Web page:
Insect Invasion: Ants, Bees, and Wasps
Hymenoptera include famous examples of social insects, such as honey bees true ants; these insects have developed regimented social systems in which members are divided into worker, drone, and queen castes. Such social hymenoptera may live together in nests or hives of many thousands of individuals, all descended form a single queen. Not all hymenoptera are social. However; many live a solitary life, coming together only for a brief mating.
The hymenoptera have a complete life cycle: egg, larvae, pupa, and adult stages. But who's got the wings? Except for worker ants, most adults have two pairs of wings.
The Hymentoptera have two sets of wings, usually one being longer than the other. The shorter pair can be very difficult to see. Like Hymeno, the Greek God of Marriage, the name is appropriate not only for the membranous nature of the wings, but also for the manner in which they are "joined together as one" by the Hamuli or microscopic hooks. The coupling of their wings enable the insect to have a well controlled, rapid flight.
There are two orders in the Hymenoptera family:
Symphyta (Sawflies and Horntails) have a broad junction between the thorax and abdomen.
Aprocrita (Ants, Bees, and Wasps) have a narrow junction between the thorax and abdomen.
Got ants in your plants? Although some species are regarded as pests (e.g., sawflies, gall wasps, and some ants), most members are extremely beneficial. Either as natural enemies of insect pests (parasitic wasps) or as pollinators of flowering plant; having a symbiotic relationship. Flowers pollinated by bees are typically yellow or blue and often have patterns visible only under ultraviolet light, which bees can see. Bees are responsible for over 70% of agricultural crops.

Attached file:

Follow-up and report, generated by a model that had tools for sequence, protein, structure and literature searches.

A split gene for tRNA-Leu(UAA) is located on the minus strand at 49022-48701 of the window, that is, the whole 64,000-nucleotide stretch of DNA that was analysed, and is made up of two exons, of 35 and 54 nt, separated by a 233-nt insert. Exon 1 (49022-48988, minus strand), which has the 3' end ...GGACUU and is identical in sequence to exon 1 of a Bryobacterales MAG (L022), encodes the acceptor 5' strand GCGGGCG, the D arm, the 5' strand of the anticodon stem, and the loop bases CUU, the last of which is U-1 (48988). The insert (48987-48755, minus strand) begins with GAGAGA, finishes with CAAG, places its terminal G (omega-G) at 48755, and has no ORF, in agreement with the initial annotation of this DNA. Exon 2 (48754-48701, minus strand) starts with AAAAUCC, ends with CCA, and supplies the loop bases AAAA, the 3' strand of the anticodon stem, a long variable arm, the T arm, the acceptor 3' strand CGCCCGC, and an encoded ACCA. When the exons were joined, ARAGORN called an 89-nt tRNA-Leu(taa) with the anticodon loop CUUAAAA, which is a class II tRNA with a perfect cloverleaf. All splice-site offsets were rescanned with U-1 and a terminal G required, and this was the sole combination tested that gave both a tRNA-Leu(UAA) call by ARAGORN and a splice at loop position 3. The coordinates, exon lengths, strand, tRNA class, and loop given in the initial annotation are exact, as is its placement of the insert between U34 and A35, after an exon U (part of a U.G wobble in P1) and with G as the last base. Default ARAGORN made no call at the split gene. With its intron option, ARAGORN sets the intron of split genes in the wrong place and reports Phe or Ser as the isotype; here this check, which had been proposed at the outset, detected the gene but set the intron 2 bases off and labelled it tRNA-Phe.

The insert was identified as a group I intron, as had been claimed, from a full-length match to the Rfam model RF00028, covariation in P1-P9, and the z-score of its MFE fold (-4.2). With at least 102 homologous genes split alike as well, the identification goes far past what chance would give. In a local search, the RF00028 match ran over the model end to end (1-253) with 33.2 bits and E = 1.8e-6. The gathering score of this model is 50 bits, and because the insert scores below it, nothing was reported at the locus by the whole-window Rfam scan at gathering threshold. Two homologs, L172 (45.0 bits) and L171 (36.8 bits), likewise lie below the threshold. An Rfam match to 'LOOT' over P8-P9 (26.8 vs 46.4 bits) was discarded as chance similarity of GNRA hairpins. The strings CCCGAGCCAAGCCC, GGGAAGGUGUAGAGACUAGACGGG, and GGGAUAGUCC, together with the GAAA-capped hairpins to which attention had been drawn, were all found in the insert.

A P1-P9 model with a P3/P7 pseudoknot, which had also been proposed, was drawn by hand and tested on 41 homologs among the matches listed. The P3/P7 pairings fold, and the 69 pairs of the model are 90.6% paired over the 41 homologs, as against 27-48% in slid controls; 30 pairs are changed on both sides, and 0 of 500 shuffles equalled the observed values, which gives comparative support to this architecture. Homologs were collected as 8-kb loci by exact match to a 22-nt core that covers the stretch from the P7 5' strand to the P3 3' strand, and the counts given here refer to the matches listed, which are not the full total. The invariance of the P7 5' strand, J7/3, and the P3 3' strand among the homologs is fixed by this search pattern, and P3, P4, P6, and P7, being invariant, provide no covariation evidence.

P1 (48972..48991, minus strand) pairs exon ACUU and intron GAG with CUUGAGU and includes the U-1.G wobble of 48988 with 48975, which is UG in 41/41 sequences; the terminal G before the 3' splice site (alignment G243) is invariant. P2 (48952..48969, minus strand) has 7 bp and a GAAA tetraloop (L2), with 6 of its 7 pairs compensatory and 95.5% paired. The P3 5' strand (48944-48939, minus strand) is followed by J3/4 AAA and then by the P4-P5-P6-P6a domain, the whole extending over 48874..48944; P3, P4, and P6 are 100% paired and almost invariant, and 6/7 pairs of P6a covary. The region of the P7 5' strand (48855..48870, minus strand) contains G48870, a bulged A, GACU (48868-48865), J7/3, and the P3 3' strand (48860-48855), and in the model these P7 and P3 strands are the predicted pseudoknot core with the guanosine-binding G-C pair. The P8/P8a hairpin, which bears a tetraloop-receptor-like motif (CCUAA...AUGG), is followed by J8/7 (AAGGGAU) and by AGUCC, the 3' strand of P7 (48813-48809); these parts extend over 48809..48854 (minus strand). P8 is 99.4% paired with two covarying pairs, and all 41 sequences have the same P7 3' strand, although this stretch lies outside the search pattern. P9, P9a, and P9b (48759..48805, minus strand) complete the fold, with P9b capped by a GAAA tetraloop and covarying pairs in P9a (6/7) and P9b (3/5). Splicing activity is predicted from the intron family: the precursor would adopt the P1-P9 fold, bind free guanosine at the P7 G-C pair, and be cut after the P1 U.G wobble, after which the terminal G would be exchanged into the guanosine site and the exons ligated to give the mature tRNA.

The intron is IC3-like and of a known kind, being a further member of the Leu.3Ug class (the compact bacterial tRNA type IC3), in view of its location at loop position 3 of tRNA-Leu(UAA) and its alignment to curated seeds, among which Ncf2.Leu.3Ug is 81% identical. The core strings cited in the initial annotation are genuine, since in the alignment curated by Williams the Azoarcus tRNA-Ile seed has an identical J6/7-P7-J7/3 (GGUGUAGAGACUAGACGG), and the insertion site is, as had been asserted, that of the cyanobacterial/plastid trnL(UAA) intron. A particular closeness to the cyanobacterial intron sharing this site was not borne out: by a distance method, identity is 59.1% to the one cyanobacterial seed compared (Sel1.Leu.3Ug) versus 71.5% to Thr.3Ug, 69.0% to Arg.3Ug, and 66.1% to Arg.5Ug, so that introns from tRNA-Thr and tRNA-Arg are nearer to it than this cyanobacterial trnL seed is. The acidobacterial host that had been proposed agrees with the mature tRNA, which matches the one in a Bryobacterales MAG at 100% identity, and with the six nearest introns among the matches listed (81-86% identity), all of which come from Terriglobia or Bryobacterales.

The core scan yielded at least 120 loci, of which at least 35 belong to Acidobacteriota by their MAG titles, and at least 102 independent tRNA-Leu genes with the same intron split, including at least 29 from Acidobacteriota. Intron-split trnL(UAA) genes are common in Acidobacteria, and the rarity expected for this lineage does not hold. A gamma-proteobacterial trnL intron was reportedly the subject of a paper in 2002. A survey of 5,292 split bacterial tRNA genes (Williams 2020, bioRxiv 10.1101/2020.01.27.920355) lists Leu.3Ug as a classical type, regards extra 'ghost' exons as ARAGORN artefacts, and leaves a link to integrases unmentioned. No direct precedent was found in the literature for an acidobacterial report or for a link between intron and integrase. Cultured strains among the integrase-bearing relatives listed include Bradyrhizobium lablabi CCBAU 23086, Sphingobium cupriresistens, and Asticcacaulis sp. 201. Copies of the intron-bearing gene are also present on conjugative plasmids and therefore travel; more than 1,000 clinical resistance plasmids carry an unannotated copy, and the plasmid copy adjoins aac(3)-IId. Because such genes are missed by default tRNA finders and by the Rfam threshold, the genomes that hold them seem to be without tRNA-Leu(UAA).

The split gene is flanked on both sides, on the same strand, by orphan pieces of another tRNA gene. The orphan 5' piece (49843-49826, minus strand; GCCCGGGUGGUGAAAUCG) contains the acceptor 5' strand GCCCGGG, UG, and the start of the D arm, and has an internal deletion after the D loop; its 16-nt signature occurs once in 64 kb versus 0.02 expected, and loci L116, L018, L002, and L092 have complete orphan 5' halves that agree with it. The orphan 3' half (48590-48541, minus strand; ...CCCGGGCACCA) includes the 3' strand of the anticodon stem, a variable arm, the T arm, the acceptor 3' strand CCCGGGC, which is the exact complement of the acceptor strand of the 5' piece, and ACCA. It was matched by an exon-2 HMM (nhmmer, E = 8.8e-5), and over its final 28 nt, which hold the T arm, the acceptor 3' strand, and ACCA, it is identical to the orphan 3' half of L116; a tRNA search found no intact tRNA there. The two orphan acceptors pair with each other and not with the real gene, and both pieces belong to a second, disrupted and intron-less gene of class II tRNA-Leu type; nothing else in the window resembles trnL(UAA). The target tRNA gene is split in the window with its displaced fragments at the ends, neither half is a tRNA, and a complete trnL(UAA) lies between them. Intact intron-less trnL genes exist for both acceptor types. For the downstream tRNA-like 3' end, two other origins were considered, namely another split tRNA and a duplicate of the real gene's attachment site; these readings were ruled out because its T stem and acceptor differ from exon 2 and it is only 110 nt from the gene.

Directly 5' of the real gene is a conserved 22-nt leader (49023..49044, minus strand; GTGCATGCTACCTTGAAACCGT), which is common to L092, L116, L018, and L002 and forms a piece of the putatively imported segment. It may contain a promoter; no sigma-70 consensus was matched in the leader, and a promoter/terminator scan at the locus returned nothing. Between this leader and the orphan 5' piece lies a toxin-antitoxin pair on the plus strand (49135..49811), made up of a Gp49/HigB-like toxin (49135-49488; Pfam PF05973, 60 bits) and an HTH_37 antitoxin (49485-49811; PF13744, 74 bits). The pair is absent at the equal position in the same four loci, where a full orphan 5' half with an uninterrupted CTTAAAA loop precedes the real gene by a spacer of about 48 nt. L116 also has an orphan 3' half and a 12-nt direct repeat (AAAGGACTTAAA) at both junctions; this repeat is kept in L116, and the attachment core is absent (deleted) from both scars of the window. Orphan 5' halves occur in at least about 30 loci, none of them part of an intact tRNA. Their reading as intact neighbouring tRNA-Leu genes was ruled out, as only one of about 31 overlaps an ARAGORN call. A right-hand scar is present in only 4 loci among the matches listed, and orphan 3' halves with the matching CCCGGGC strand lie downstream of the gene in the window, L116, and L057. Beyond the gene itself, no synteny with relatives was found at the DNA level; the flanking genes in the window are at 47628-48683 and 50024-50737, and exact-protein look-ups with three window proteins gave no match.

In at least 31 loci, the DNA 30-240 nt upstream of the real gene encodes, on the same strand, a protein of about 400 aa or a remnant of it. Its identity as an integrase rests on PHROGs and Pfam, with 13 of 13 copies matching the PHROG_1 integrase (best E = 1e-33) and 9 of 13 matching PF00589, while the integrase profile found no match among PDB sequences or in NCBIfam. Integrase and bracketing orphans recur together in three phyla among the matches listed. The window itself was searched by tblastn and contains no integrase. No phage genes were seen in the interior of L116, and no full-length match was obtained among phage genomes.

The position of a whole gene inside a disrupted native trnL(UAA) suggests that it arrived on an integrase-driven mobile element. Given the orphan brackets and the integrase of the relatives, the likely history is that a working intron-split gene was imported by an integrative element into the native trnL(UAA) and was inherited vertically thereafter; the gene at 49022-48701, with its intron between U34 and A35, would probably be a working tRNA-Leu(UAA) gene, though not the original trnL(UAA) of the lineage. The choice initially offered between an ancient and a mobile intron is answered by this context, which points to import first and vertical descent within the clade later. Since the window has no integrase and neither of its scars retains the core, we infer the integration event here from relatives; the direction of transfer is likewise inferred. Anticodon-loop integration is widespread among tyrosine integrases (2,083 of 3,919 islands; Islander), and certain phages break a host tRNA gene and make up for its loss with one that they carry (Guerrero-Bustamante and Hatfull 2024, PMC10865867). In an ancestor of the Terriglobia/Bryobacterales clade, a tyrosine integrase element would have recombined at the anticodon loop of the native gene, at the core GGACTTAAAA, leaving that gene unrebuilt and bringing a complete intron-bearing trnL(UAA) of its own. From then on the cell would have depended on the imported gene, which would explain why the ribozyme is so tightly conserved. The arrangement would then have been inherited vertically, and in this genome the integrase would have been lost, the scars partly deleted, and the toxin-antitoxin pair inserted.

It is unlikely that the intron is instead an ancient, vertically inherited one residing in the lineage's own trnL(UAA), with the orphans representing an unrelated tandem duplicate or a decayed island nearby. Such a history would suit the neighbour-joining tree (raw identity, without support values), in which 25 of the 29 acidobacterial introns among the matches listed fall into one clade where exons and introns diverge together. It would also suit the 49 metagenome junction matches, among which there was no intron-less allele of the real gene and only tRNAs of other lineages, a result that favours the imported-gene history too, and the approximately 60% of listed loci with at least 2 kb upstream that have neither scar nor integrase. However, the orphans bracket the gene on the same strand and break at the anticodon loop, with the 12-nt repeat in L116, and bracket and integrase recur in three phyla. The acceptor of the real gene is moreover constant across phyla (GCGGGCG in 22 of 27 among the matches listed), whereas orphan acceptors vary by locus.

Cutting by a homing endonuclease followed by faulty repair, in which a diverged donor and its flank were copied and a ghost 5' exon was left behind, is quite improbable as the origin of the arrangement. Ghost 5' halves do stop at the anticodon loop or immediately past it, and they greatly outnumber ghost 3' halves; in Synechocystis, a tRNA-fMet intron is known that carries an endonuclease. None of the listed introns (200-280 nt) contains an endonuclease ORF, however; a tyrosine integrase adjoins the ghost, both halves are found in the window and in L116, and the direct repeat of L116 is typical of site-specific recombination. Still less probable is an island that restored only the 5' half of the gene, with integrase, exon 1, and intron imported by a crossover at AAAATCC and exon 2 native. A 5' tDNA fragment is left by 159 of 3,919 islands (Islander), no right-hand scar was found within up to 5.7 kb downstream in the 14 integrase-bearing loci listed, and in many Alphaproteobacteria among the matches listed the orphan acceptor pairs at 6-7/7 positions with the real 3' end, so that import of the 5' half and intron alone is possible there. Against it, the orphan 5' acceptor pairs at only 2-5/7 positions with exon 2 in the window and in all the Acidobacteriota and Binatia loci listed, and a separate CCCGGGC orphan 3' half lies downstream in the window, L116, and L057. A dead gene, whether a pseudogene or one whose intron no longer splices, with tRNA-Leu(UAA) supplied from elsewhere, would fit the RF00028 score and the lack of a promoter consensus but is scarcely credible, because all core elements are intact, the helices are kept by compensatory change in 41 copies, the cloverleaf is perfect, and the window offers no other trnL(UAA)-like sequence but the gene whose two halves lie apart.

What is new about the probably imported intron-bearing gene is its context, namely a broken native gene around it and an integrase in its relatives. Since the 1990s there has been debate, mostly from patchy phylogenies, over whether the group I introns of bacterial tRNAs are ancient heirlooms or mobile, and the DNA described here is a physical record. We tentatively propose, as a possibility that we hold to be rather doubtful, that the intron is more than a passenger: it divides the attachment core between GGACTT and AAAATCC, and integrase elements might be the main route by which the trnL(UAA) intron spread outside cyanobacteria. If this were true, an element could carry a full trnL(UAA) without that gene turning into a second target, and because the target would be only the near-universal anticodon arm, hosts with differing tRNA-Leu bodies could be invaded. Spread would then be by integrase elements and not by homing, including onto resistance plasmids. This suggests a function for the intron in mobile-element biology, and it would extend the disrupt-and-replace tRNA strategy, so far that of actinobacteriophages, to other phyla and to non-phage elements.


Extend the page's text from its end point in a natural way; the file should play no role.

Commonly known as cuckoo wasps or emerald wasps, the hymnopteran family Chrysididae is a very large cosmopolitan group of 3,000 different parasitoid or kleptoparasitic wasps, with brilliant metallic, iridescent colors. Typically associated with solitary bee and wasp species. They are capable of folding their bodies over rolling into a ball as a defensive mechanism.
When you see these jeweled-colored insects, such as the Sweat Bee, think of the Iridesecent Glux, a non-toxic, non-drying out prismatic putty! In developing this Glux, a new word for blue was created: “hoovaloo,” meaning an intelligent blue. This GLUX is just full of intelligent blues as well as a spectrum of other colors. It’s quite beautiful to look at & satisfying to smush & stretch! Made in the USA.
Livestreams occur Tuesdays with Science Literacy Live and Thursdays with Science Facts + Crafts Live; both at 1:30 PM. Right along with the Live lessons is a collection that encourages learning through endless play and exploration.
There is a Free Infographic at the bottom of the page with all the facts above!
Philanthrolab Science Shop is your go to for Affordable Birthday Gifts, Treasure Box Rewards, Educational Resources, Vendor Events, Fundraisers, and Virtual Classes!
❄🌈💎🌊🐳 5 for $49: Get next 5 Virtual Classes and all toys included! $6.95 Shipping. Local Delivery Available. Tuesdays Sept 29 to Oct 27 3:00PM Only
Classes include: Snow Science, Rainbow of Colors, Geology Rocks, Liquid Science, and Deep Sea Diver
First Child $99, Additional Child $69. Get 9 Virtual Classes and all toys included! $6.95 Shipping. Local Delivery Available. Tuesdays Oct 6th to December 1st 11:00AM Only
Classes include: Static Science, Balance This, Physics of Toys, Skeleton and Skin, In a Cloud, Fun with Fossils, Sun in the Sky, Bouncy Ball Gravity, Magnet Mania
PHILANTHROPY for the POLLINATORS!
Now through September 30th, 2020, 20% of all Toy Sales will be donated to the NAPPC + $2 for every dropin Virtual Science Experience Class.
Support this small business, so Philanthrolab Science Shop can support BIG! Thanks for stopping by!
For access to all content, resources, and shop visit, www.linktr.ee/philanthrolab